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Canon XL and GL Series DV Camcorders
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Old February 10th, 2005, 06:09 PM   #1
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Phantom Power

What in the world is Phantom Power? How can the XLR mikes be powered by Phantom Power?
I am not clear on this. I am sorry to probably ask a dumb question.....
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Old February 10th, 2005, 07:27 PM   #2
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A sound expert could probably answer this much better, but some microphones require phantom power to operate. Correct me if I'm wrong, but I think it's because they don't have enough power by themselves to fully function, so they require addition power to work correctly.

Each microphone varies on this however, and it can be dangerous to have phantom power on with a mic that doesn't need it. So only turn this option on if you are 100% certain that the microphone you are using requires it.
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Old February 10th, 2005, 07:43 PM   #3
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Howdy Ed,

Not a "dumb" question...it was only a short time ago that I didn't have any idea, either, and that's what DVinfo is all about! I have a TON yet to learn, but each day that I log on here I chip away at the very long list of "stuff I don't know!"

Brent nailed the essence of it, but here's a link to an informational page at the Audio Technica web site that I found to be a really helpful, quick, and easy read:

http://www.audiotechnica.com/using/m...ide/index.html

Definitely true that you need to be very careful to have the XL2's Phantom Power switch OFF unless you mean to have it on. Canon explicitly warns you can damage stuff otherwise.
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Old February 12th, 2005, 11:49 PM   #4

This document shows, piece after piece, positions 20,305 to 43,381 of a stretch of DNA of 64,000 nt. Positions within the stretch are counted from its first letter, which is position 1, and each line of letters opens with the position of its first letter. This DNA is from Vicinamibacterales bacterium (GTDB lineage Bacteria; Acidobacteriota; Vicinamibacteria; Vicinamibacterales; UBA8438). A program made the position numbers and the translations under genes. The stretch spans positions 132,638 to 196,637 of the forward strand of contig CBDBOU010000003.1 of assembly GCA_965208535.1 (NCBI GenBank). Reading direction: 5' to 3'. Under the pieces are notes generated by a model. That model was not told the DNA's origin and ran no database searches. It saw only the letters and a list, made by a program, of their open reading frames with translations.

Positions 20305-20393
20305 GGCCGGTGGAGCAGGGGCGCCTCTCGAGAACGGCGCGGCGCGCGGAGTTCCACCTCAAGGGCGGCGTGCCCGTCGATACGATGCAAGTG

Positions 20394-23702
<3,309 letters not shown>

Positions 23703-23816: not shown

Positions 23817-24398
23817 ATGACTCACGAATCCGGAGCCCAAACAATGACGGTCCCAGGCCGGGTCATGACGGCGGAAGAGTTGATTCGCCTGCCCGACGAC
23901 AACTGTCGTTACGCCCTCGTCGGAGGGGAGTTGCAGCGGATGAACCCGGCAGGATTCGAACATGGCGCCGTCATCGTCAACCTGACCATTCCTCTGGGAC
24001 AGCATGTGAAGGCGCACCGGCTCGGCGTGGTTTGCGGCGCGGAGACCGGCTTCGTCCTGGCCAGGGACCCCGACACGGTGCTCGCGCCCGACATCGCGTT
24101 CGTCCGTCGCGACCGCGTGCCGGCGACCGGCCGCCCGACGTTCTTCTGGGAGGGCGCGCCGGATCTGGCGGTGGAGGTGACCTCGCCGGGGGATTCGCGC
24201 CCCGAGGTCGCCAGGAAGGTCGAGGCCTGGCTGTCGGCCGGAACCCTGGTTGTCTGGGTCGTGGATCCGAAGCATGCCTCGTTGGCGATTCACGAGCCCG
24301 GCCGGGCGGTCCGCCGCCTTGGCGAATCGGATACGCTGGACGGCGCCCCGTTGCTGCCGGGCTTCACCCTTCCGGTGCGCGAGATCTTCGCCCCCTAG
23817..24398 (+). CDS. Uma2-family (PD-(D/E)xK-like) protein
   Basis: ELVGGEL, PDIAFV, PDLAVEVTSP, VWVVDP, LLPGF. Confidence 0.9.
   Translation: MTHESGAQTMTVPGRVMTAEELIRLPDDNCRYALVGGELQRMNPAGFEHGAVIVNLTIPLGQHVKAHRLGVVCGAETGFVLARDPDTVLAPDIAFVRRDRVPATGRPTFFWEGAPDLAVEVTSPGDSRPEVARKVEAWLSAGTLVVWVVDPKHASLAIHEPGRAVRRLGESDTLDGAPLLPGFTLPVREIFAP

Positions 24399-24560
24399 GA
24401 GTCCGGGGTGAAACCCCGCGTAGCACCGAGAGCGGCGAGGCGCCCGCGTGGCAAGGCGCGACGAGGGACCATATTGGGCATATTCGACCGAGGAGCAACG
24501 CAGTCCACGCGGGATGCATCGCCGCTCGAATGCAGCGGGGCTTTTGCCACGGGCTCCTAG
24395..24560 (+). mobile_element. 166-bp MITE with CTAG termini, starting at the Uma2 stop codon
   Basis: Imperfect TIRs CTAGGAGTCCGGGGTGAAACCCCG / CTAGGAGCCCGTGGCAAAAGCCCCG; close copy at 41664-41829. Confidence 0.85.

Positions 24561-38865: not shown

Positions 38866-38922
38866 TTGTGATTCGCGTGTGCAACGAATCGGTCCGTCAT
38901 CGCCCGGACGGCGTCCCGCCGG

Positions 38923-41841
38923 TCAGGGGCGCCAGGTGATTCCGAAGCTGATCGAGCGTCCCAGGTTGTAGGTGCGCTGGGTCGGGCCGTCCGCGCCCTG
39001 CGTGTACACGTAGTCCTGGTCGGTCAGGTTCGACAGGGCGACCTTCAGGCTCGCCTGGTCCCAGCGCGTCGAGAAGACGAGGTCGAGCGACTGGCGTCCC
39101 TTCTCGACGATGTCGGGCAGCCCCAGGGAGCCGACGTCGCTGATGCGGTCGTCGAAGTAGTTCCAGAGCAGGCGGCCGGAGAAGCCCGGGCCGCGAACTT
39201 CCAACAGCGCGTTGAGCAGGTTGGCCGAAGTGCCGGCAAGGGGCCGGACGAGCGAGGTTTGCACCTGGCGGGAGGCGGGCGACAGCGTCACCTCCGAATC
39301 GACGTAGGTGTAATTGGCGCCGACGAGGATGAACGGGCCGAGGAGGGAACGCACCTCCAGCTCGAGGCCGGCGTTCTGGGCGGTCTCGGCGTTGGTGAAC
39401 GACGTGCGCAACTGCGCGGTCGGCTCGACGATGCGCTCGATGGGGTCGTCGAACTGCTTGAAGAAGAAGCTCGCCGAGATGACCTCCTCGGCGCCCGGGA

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Hello Ed,

I was a professional sound engineer for about fifteen years before moving to video production. Here's the deal with Phantom...

There are basically 2 kinds of microphones: Condenser and Dynamic (there is technically a third: ribbon. But they are so rare and, as far as I know, never used in video, and irrelevant to this discussion)

Dynamic microphones do not need phantom power. Condenser mics do. There are fantistic types of both mics. One is not better than the other - they have different functions.

In a dynamic microphone, the diaphragm of the mic (the membrane that vibrates when sound comes in) is connected to a piece of metal inside a magnet. As the diaphragm vibrates, the metal moves next to the magnet and electric current is formed which is transferred as voltage down the wire. It's like a speaker in reverse. The magnet and metal are capable of creating their own current, so they don't need an outside source of power.

In a condenser microphone, there is no magnet. The phantom power is fed up one of the 3 XLR pins and creates a small electronic field inside the microphone - like the spark on a spark plug, only it's not intermittent, it's constant. As the diaphragm moves, it causes fluctuations in this electronic field. The fluctuations are transmitted as voltage down the wire.